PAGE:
In our case, we did deals with the music band Gorillaz and with the TV show The Apprentice to create games leveraging brands specifically for the mobile platform.

It’s really quite interesting — the vast majority of games available on the mobile handset skews very heavily toward racing games and sports games. But the fact is most people don’t download or buy those games. Most people download and buy puzzle games and card games.

What do you believe accounts for the fact that people want to play casual games on the mobile phone?

The demand is there on the mobile phone for games that are fun. I’ve played over 100 games in the last 8 months but have yet to find a great implementation of a sports game on the handset. Sports games are really hard to play. I mean, if you are any good at a football game, on the PS2 or the Xbox, the handset is completely wrong for it.

On the other hand, a puzzle game is a puzzle game is a puzzle game. That’s pretty easy to implement on a handset. That is one of main reasons there is such a higher demand right now for puzzle games on the mobile handset than racing games.

So, we are in a position to do very well but I think frankly it’s a challenging marketplace. We’re committed to it, we’re investing in it, and we’ll continue to invest in it. I think in the end, when the mobile games marketplace shakes out in the next couple of years, we will be a major player.

What other platforms in addition to mobile phones do you believe are ideal for casual games?

I personally think that the Nintendo DS platform is a rock star platform for casual games. Obviously, at least statistically speaking, the Xbox Live Arcade seems to be a really compelling platform for casual games. I think a lot of people are surprised. But you never know.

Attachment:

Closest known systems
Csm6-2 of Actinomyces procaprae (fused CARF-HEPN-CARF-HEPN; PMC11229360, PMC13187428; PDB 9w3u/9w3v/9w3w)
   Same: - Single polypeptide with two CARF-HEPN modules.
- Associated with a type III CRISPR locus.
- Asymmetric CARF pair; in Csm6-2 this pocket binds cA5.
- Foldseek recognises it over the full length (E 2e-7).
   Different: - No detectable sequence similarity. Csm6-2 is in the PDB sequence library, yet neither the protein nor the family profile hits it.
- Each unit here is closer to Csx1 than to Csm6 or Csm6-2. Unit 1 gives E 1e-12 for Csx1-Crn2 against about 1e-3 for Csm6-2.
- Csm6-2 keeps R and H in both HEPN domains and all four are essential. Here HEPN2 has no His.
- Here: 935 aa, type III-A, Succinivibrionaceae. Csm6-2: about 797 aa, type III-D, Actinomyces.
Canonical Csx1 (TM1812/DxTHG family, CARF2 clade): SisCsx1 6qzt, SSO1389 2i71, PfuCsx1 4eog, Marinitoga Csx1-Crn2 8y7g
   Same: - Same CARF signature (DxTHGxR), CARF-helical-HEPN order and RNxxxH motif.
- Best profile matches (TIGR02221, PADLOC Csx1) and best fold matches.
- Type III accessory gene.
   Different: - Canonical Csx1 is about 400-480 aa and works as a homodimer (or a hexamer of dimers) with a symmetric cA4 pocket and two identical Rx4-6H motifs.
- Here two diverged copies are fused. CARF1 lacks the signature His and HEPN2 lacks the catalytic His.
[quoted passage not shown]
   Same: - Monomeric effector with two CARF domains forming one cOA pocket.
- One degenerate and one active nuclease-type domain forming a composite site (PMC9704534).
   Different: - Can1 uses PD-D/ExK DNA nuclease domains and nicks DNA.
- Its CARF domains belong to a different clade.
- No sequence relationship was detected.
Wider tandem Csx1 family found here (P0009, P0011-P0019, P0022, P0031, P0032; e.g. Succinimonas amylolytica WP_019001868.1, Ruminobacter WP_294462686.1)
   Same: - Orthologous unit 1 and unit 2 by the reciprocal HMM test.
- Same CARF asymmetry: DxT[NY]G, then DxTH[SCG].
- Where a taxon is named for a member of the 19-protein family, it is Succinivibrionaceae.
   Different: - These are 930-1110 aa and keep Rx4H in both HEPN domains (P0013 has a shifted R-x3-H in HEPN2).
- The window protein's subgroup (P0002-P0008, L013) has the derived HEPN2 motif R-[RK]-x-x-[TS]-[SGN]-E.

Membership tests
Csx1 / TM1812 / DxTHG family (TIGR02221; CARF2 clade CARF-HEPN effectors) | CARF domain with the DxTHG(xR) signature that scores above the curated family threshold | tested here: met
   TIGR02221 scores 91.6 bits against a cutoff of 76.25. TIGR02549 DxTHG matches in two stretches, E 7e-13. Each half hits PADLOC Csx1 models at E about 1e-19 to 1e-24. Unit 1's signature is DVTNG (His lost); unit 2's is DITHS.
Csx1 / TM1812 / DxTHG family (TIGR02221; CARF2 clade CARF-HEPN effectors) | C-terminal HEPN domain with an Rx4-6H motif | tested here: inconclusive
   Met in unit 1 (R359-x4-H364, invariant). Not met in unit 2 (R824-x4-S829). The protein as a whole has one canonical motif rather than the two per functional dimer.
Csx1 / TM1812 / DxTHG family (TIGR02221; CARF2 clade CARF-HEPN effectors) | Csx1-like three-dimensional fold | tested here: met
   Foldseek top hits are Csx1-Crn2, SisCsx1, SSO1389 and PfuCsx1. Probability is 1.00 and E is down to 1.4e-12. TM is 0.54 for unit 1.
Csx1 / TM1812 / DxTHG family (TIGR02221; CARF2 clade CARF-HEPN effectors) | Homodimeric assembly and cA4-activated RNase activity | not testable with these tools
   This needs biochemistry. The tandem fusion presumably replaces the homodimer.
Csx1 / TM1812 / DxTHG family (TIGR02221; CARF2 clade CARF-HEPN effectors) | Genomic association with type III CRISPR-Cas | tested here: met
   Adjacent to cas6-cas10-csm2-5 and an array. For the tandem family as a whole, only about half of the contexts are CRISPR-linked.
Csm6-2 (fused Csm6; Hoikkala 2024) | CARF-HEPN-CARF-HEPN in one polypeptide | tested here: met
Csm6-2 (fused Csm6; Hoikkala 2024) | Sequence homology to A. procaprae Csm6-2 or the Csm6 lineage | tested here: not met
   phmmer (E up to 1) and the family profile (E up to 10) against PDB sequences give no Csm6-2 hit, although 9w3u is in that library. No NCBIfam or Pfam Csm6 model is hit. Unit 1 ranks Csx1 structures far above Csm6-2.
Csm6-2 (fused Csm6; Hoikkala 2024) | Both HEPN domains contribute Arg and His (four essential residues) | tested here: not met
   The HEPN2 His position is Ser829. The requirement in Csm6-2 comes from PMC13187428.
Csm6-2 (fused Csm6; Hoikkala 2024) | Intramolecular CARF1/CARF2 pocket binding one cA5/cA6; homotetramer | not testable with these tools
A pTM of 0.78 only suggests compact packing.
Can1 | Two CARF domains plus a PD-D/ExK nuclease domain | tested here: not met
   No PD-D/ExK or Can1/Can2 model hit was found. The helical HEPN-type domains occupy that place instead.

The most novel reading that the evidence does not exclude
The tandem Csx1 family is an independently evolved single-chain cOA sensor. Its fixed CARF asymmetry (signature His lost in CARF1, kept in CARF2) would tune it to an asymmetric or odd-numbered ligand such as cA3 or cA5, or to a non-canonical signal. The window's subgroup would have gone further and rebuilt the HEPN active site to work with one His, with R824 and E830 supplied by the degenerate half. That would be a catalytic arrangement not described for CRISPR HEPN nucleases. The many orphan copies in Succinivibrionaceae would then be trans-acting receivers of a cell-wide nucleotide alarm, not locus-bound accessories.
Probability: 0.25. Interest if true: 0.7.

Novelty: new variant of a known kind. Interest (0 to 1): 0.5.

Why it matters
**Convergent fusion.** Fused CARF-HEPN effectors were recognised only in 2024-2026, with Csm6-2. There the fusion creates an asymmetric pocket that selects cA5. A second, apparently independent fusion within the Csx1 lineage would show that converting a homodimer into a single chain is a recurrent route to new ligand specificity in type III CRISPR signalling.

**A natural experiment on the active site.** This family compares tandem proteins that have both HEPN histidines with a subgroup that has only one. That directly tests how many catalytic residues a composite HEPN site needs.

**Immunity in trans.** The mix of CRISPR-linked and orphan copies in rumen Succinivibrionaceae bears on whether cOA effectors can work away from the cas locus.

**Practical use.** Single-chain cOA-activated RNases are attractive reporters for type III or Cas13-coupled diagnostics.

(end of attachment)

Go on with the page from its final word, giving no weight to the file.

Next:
We’re obligated to ship 6 games for the Xbox 360 platform. It was something we announced last fall and sometime this summer, early fall, we’ll launch our first game for the Xbox, and we’ll have a series of games following on the heels of that.

How Casual Games will Save the World

Suppose we fast-forward 5 years from now (the year 2011). What types of games and offerings am I playing on RealArcade?

I think you are going to get together with your friends and hook up with them for a quick game.

I think RealArcade is going to serve as the place to go to have fun. And there will be many different kind of fun things to do on Real Arcade. Whether you have 5 free minutes of your own, you want to connect with some friends, or want to meet some new friends. I think games are an excellent centerpiece for that social bonding.

So you see a huge trend in casual games moving to social gaming?

Yes, absolutely. You know why? One of the things I learned when I was the CEO of (where I previously worked at before coming to RealArcade) is that human beings are social animals. We like to connect with other people. There are very, very few human beings that want to sit on the mountaintop by themselves for a very long timeframe. We are social creatures. And there are basically two different kinds. There are voyeurs, and there are exhibitionists. Some people want to watch games being played. Some people like to play to win. And some people like to play on teams to beat other teams. I do believe that games are really a centerpiece to our humanity.

We will win noble prizes. ..

To Clone or Not to Clone: That is the Question

A big debate within the casual games industry is “cloning.” What is your opinion about “cloning”?

Speaking as a developer, it is frustrating to me that its so easy to knock off our games. But honestly, I think those days are numbered, because production values are going up and expectations are increasing on the part of more sophisticated game players. I think its going to be tough for the 2 person garage shop making a successful casual game. I don’t think it’ll ever be as bad as it in the video game industry, with a $50 million budget for each game. But, I think its going to get tougher and tougher to compete over time.

Closing thoughts

What are your favorite games to play? What game are you playing right now?

I am, of course, partial to Super Collapse 3. I don’t know why, but there is something I’ve always liked about that game since the first version came out.

I have seen some new games that PopCap is working on that are super cool. unfortunately, I’m not allowed to tell you anything about them. Also, I’m a word game freak, and I like a game Real released a few months ago called Acropolis. I have now achieved the highest level in Acropolis, which I feel very good about.

In case you missed it, here is Part 1 of our interview.

Content writer

Notify of
Inline Feedbacks
View all comments
More content